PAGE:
I started writing this “things” post by making a list of things to expose Bozo to. It didn’t take me long to realize that the list is almost endless. Whatever you can dream up, is a ‘thing’ for Bozo. You just need to remember that absolutely everything is new to him. Then just stand in any room in your home and see, smell and hear the things in it as though you had never experienced them before. Standing in the kitchen, the sound of a mixer came immediately to mind. As you expose Bozo to these new things, be careful not to scare him. That’s why younger is better. Until they reach adolescence (5 – 6) months of age, they accept new experiences readily. Adolescence brings a wariness of things new.
Never force the puppy to investigate. This is an adventure, not boot camp!
Probably the first sound Bozo is likely to hear is the doorbell or knock on the door.
If he barks at the knock or the bell, you can say,” Thank you, Bozo” as you both head for the door. Before you open it, say,” Bozo, sit”. When he does, say, “Yes, treat.” (Remember to keep treats on your person at all times!) Depending on how bouncy, Bozo is, you may need to repeat this several times. I think the key here is to focus on Bozo’s sitting and not be impatient to open the door. Whoever is there will most probably wait and you don’t want to miss this training opportunity! After several attempts, if you get the ‘sit’ but not the ‘stay’, either pass Bozo off to another family member or simply scoop him up, saying nothing. He has done nothing wrong. He’s just learning.
It would be great if a visitor or a family member would help with this exercise by knocking or ringing to come in and then coming in and going out (maybe by another door) and repeating the knock, ring, bark, sit, open door. Part two of this one is to remind the visitor not to speak to Bozo until Bozo has ‘four on the floor’.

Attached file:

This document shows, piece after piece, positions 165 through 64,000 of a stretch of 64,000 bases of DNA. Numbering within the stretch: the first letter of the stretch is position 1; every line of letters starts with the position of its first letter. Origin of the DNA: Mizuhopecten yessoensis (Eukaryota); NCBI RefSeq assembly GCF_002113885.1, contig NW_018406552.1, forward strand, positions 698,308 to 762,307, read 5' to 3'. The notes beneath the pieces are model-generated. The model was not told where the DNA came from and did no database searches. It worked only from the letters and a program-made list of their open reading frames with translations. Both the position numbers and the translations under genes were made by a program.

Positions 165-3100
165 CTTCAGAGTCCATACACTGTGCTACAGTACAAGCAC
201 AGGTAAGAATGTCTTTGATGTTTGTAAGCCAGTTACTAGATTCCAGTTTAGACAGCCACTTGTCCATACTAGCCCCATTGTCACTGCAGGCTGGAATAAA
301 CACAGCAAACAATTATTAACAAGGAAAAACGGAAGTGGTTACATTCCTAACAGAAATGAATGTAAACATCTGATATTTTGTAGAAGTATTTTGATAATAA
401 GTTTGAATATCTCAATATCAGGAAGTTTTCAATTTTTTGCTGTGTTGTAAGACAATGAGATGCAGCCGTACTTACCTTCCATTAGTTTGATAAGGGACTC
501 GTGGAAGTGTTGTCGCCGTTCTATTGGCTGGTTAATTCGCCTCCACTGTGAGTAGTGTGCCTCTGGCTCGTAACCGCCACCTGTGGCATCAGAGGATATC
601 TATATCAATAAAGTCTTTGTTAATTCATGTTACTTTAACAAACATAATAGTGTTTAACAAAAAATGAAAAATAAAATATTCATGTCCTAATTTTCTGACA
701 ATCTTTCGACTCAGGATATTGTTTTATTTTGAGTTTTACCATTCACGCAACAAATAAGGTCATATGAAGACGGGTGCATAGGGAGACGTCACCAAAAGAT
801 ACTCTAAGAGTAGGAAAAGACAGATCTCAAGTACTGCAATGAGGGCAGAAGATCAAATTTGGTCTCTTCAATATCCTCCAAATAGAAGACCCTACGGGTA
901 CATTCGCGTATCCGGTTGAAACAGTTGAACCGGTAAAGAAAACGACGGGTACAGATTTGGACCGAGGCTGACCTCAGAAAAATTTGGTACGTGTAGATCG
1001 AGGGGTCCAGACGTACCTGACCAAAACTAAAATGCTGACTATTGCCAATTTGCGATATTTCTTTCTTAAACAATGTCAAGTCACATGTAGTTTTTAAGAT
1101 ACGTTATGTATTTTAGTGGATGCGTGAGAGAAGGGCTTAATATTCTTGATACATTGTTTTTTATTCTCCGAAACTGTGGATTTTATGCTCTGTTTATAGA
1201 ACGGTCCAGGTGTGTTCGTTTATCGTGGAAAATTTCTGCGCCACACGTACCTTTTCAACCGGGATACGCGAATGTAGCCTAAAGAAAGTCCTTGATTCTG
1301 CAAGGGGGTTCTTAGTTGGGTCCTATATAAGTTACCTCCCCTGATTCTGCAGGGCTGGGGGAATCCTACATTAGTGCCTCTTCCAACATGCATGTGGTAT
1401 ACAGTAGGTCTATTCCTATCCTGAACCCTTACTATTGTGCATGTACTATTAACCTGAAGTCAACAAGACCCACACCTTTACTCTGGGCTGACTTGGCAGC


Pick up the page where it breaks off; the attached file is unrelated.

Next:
The door thing is such a big deal because it involves noise, people, barking & potential bolting (Bozo’s). DO take the time to make it look the way you want it to. Focusing on Bozo now for a few weeks will make a lifetime of difference.
In these early weeks, take Bozo to the mall. Carry him in your arms and do stop and chat with everyone you know and anyone else that wants to see your new family member. There will be a whole array of new sights, sounds, and smells for Bozo here.
Hats, head scarves, big purses, beards, sunglasses, umbrellas, skateboards, tricycles, strollers, wheelchairs, walkers and canes – all are things Bozo is likely to encounter. Why not make a list. Don’t be limited by my ideas. Tick it off as you set up situations to ensure he encounters the strange things.
Encourage, praise and reward the lad. Never push. Keep the time periods short.
Stop immediately if Bozo seems worried or stressed.
Enroll visiting friends and family by having them wear hats, beards, costumes and so on. A lot of thought on your part? You bet. Not only does it have the potential to be fun though, you are laying the foundation for a ‘bomb-proof’ dog in just a few short weeks.
Two helpful things to remember: If Bozo is apprehensive when you introduce him to new things a) keep his focus on you with positive vocal reinforcement and treats and b) position yourself between Bozo and the scary thing.
Tired of cleaning up puppy puddles?
Discover the power of the timer & crate for effective
potty training & no more jumping up, nipping & biting!
DOWNLOAD YOUR FREE GIFT BELOW!
"Easy First Steps To Training Your New Puppy"
- potty train your new puppy in 5 easy steps.
- understand why a crate is your best friend
- tips for ending jumping up, nipping & biting